Policy Statement Discussions Deadlocked Over Hizbullah Weapons
Written by Naharnet   
Thursday, 24 July 2008


March 14 Forces Speak of Impossibility of Coexistence with Hizbullah's Arms

Policy Statement Discussions Deadlocked Over Hizbullah Weapons

The ministerial committee assigned to draft the cabinet policy statement reached a dead end in its discussions over the controversial issue of the resistance's arms.

The committee held on Wednesday its sixth session and is expected to meet again on Thursday.

An-Nahar newspaper reported that Hizbullah and Amal representatives in the committee insisted on dealing with the Hizbullah arms issue like in the previous government policy statement.

March 14 forces, however, firmly rejected the formula adopted in the former ministerial statement on Hizbullah's arms, according to An Nahar.

Information Minister Tareq Mitri dismissed allegations that border demarcation with Syria was one of the issues hampering progress in the statement blueprint.

"Media reports mentioned that border demarcation with Syria and establishing diplomatic ties (with Damascus) is one of the controversial issues…which is incorrect," Mitri said Wednesday.

"We are discussing national choices (that we will make) which surpass such issues," he added.

Mitri made the remark to reporters following a four-hour meeting of the committee at the Grand Serail on Wednesday.

The information minister stressed the committee is "carrying out its mission of drafting the policy statement. It isn't playing a role other than the one assigned to it."

Mitri's statement came in reaction to comments made by Parliament Speaker Nabih Berri following a meeting with President Michel Suleiman at Baabda Palace.

Berri criticized the committee, saying its members are behaving as if they were a "national dialogue" conference.

"Let the president handle his own mission," Berri said in reference to the national dialogue conference that Suleiman is to sponsor. 
Beirut, 24 Jul 08, 09:06



March 14 Forces Speak of Impossibility of Coexistence with Hizbullah's Arms

The March 14 forces on Wednesday emphasized "the impossibility of coexisting" with Hizbullah's arms during a workshop devoted to the subject of "civil peace and building an independent state."

The workshop, which was held at the Bristol Hotel by the coalition's general secretariat, was the fourth to be organized by the March 14 movement. The first one dealt with the Taif Agreement. The second was to have dealt with Syrian-Lebanese relations, but it was not held because of security reasons. The third workshop was devoted to the election law.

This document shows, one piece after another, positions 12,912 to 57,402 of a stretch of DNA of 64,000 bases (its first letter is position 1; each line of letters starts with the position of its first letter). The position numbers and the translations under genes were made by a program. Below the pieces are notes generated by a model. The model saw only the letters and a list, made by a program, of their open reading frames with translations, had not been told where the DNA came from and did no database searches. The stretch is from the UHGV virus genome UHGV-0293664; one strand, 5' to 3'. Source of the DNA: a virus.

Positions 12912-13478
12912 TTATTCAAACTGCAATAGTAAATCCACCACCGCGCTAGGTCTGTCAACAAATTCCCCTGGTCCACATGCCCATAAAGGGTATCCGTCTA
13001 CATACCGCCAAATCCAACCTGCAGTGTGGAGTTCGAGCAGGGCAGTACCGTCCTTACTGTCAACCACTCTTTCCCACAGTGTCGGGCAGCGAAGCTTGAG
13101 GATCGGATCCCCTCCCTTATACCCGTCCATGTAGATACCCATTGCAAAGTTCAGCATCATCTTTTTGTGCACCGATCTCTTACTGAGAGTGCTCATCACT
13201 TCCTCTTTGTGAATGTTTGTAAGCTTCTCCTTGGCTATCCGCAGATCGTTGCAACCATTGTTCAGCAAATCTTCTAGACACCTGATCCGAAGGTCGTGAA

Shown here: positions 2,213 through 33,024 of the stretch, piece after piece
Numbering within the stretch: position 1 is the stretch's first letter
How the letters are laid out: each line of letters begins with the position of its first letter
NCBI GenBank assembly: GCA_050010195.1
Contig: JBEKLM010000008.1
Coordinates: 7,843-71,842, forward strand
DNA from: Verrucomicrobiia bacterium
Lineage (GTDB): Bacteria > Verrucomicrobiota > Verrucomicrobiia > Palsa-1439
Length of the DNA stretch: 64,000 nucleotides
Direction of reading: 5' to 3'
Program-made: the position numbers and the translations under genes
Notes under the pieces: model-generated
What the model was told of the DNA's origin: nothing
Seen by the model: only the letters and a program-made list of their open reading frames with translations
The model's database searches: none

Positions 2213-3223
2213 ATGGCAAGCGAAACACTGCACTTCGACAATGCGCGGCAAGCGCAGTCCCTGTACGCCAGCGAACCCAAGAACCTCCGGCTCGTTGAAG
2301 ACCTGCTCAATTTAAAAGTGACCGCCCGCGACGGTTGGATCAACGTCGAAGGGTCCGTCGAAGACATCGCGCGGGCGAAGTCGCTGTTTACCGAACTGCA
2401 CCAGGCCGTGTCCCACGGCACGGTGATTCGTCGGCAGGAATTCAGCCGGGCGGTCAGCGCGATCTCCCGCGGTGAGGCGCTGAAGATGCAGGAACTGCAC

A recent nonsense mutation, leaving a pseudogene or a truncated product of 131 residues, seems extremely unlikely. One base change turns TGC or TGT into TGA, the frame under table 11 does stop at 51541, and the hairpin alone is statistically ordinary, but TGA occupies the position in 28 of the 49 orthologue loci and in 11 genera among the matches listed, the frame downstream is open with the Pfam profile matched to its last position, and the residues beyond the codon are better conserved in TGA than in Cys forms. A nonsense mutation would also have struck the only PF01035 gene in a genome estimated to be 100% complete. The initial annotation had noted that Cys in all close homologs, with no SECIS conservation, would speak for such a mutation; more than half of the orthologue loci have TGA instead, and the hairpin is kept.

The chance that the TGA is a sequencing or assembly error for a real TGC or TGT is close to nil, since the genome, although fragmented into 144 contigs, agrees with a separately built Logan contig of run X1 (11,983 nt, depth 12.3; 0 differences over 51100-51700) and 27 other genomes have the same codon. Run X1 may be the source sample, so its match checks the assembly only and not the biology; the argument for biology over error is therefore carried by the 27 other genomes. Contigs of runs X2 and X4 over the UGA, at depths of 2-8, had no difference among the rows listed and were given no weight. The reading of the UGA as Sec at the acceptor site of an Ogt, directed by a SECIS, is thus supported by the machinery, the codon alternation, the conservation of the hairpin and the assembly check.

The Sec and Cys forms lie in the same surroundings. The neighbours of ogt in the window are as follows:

"The secret of this movement lies in the fact that it was created by the Lebanese people and not only the result of a political movement that was established by some politicians in a particular phase," the coordinator of the general secretariat of the March 14 Forces Fares Soaid said during the opening of the workshop.

This means that for the first time in Lebanon and the Arab world there is "a political public opinion that calls to account, retreats, advances, discusses, and does not follow," he said.

Soaid stated that the main questions facing the workshop were: "Is there a possibility of cohabitation between illegitimate arms and the state? Are the solutions that have been proposed adequate to prevent what occurred on May 7?

The workshop's discussion paper said that after March 14, 2005 there had been "a fragile coexistence between two projects: the project of building an independent state, which had been postponed since the Taif Agreement, and the project of protecting the 'state of the resistance' under the slogan of 'continuing confrontation.' This coexistence lasted until the outbreak of the July 2006 War."

After the war, the southern front was closed and the resistance retreated to the interior to "paralyze the establishment of the independent state by casting doubts about the legitimacy of the movement and closing parliament, and preventing the election of a new president," the paper said.

It added that "on May 8, for reasons that were related to changes in the regional situation…Hizbullah decided to end the duality of authority…and invaded the streets of the capital and its residential quarters, indifferent to the danger of an outbreak of Sunni-Shiite civil discord throughout the country."

This action almost returned the country to the civil war period. However, this was prevented by two key factors: the fact that the people of Beirut refrained from confronting force with force, and the fact that the Arab governments insisted that Lebanon not slide again towards civil war, which "this time would have spread to the entire region," according to the working paper.

The workshop stressed that it was impossible "to coexist with Hizbullah's arms, specially since these weapons and those of the militias allied (with the Shiite group) had been used in the interior." 

Beirut, 24 Jul 08, 09:47